45 Minute Project - £4.10 XBMC Remote Receiver

Posted on 2014-03-01 in makes

I'm a big fan of XBMC, and have an Ouya running XBMC set up in my lounge, streaming from my NAS. I normally use XBMC remote on my phone for controlling it, but this gets annoying when the phone is on charge, or I'm using it for something else.

I noticed that the majority of my TV remote is completely unused when the TV is in HDMI mode, and had a bit of a lightbulb moment!

Remote Almost none of these buttons are used!

I already had an Arduino Pro Micro (£3) lying about i'd bought for testing out as an upgrade path for the minimus based projects i've been playing with.  It is leonardo compatible, small, cheap and pretty easily available.  I added an IR Receiver (£1.10) to the weekly Hackspace Farnell order to complete the parts list.

The pinout of the IR receiver makes it very easy to connect to the pro micro, using the RAW (VUSB), GND, and A3 pins.  I just bent the OUT pin (pin 1) on the receiver to the left a bit as follows:

Front Back   The body of the receiver fits perfectly behind the USB plug, flat against the voltage regulator.  I used the IRremote arduino library to grab data from the remote using the IRrecvDemo sketch and mushed some buttons:

1
8B452ADFFFFFFFFFFFFFFFF8B410EFFFFFFFFFFFFFFFFFFFFFFFFF8B4D22DFFFFFFFF8B4926DFFFFFFFFFFFFFFFF

My remote uses 0xFFFFFFFF as a 'key repeat' code, about every 200ms when the button is held down. I found that in practice I had to ignore the first of these, as it was repeating way too fast and doing double presses.

I tweaked the IRrecvDemo sample code, added in a bit of keyboard and came up with some working code:

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#include IRrecv
int RECV_PIN = A3;

IRrecv irrecv(RECV_PIN);
decode_results results;

int key;
int count;

void setup()
{
  irrecv.enableIRIn(); // Start the receiver
}

void loop() {
  if (irrecv.decode(&results)) {
    switch (results.value)
    {
      case 0x8B452AD: // up
        key = KEY_UP_ARROW;
        count = 0;
        break;
      case 0x8B410EF: // right
        key = KEY_RIGHT_ARROW;
        count = 0;
        break;
      case 0x8B4D22D: // down
        key = KEY_DOWN_ARROW;
        count = 0;
        break;
      case 0x8B4D02F: // left
        key = KEY_LEFT_ARROW;
        count = 0;
        break;
      case 0x8B4926D: // enter
        key = KEY_RETURN;
        count = 0;
        break;
      case 0x8B412ED: // red
        key = KEY_BACKSPACE;
        count = 0;
        break;
      case 0x8B4B24D: // green
        key = ' ';
        count = 0;
        break;
      case 0x8B44AB5: // yellow
        key = KEY_ESC;
        count = 0;
        break;
      case 0x8B450AF: // blue
        key = 's';
        count = 0;
        break;
      case 0xFFFFFFFF:
        count++;
        break;
      default:
        key = -1;
        break;
    }

    if ((key != -1) && (count!=1)) // if count = 1, it is the first key repeat, so ignore it.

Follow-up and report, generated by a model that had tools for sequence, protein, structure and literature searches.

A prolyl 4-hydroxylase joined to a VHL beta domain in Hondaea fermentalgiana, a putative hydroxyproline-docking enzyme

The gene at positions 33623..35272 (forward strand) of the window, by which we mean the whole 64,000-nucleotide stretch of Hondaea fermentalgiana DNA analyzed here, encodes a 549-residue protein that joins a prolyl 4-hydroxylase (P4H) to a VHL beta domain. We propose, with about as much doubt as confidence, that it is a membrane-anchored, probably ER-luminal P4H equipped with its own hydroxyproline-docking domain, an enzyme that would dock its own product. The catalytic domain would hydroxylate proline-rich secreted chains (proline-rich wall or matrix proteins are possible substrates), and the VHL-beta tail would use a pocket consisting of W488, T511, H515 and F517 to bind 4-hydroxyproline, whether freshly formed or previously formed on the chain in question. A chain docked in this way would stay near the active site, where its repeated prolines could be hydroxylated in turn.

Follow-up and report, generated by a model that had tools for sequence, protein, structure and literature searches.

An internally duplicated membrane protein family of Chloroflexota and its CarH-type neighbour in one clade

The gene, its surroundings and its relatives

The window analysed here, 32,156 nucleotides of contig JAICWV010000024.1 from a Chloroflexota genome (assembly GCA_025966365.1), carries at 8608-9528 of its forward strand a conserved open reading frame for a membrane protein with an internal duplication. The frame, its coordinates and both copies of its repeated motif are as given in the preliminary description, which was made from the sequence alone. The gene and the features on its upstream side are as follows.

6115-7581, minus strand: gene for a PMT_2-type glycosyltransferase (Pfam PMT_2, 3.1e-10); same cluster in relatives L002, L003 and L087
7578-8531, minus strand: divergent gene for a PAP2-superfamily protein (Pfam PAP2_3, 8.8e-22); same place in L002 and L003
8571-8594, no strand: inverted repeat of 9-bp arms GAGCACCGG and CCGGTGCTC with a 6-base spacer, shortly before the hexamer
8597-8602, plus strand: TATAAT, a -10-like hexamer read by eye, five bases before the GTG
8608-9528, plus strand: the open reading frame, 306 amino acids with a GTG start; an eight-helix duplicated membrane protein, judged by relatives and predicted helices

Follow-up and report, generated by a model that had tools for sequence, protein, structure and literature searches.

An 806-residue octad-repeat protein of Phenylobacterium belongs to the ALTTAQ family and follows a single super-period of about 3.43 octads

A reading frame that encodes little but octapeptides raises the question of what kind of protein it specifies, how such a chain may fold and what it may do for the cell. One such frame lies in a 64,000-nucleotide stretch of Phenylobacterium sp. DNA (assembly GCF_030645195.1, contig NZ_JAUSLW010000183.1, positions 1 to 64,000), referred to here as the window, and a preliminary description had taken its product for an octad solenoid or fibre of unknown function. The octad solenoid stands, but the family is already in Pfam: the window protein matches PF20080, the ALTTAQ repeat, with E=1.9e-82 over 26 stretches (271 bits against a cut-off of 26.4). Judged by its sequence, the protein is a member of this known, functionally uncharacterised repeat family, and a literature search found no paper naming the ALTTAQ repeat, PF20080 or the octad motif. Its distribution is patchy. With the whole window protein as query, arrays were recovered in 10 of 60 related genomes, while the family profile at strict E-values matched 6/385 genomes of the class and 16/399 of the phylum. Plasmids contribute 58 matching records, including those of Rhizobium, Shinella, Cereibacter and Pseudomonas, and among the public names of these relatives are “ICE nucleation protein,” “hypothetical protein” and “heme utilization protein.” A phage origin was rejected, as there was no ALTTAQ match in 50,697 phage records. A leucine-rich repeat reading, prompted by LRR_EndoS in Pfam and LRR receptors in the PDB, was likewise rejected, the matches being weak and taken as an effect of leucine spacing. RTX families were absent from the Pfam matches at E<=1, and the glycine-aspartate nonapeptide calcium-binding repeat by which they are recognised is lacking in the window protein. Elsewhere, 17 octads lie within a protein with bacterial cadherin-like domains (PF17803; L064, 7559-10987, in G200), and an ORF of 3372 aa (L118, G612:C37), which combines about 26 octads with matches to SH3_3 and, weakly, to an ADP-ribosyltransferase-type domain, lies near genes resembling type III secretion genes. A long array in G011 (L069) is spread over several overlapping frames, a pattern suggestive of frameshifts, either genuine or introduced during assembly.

Keyboard.write(key);

    irrecv.resume(); // Receive the next value
  }
}

Total cost £4.10, total time 45 minutes. Sorted!

Zappp


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Minimus Pin Functions v1.2

Posted on 2012-09-14 in misc

Minimus Pin Layout v1.2

Got fed up of not having the interrupt identifiers on the original minimus pinout i made, so here is version 1.1 with interrupt numbers labelled!

Stay tuned for a pinout of the Minimus 32K, as UK hackspacers have just bought over 300 of them to play with!

UPDATE: I have checked the atmega32u2 datasheet, and all pins and functions are the same as the at90usb162, so the above sheet will work for both.  Yay!

UPDATE: Oops, had the LED pins switched. fixed in v1.2


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The PANIC Button

Posted on 2012-02-19 in makes

Ok, bit of explanation first.  We have an iMac set up as a 'democratic jukebox' at Hackspace Manchester.  The idea being that anyone can put music on it, and it plays the entire library on shuffle during our hack sessions for a bit of background music.

The problem is, of course, some people have an... odd taste in music, so sometimes the jukebox ends up flipping between Aqua and Cannibal Corpse for ten minutes, and the horror of this was just too much!

Enter the PANIC button.

PANIC

The button uses a minimus board. The minimus is a carrier for the AT90USB162, an AVR microcontroller with onboard USB hardware, which means it can be programmed to show up as any USB device.  Before getting the button I modified one of the pieces of LUFA demo software, a media keyboard, and stripped it down to just read the one button on the minimus.  When the button is pressed, it sends the keycode for next track. 

The button's housing is a joke button that played an alarm and flashed when pressed, I ripped its guts out to get to the switch.  After finding the switch contacts on the original board, i soldered on two wires to connecto to the AVR.

Inside

Next,  I stripped off the USB connector  from the minimus, and added a 1m USB lead directly to the pads, to make it fit in the old speaker housing section of the button.  I connected the leads from the button to PD7 and GND on the minimus, the same as the onboard button.  This has the handy side effect that if the button is pressed while being plugged in, it boots into DFU mode, allowing me to upgrade the firmware easily.

Minimus

I cut a slot in the casing for the wire to escape, and added a couple of cable ties for strain relief.

Press Button, Song Skips, Panic averted!

Finished


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Minimus Pin Functions

Posted on 2012-02-13 in misc

Minimus Pin Functions

Whipped up this quick cheat sheet with all the different functions each minimus pin can perform.


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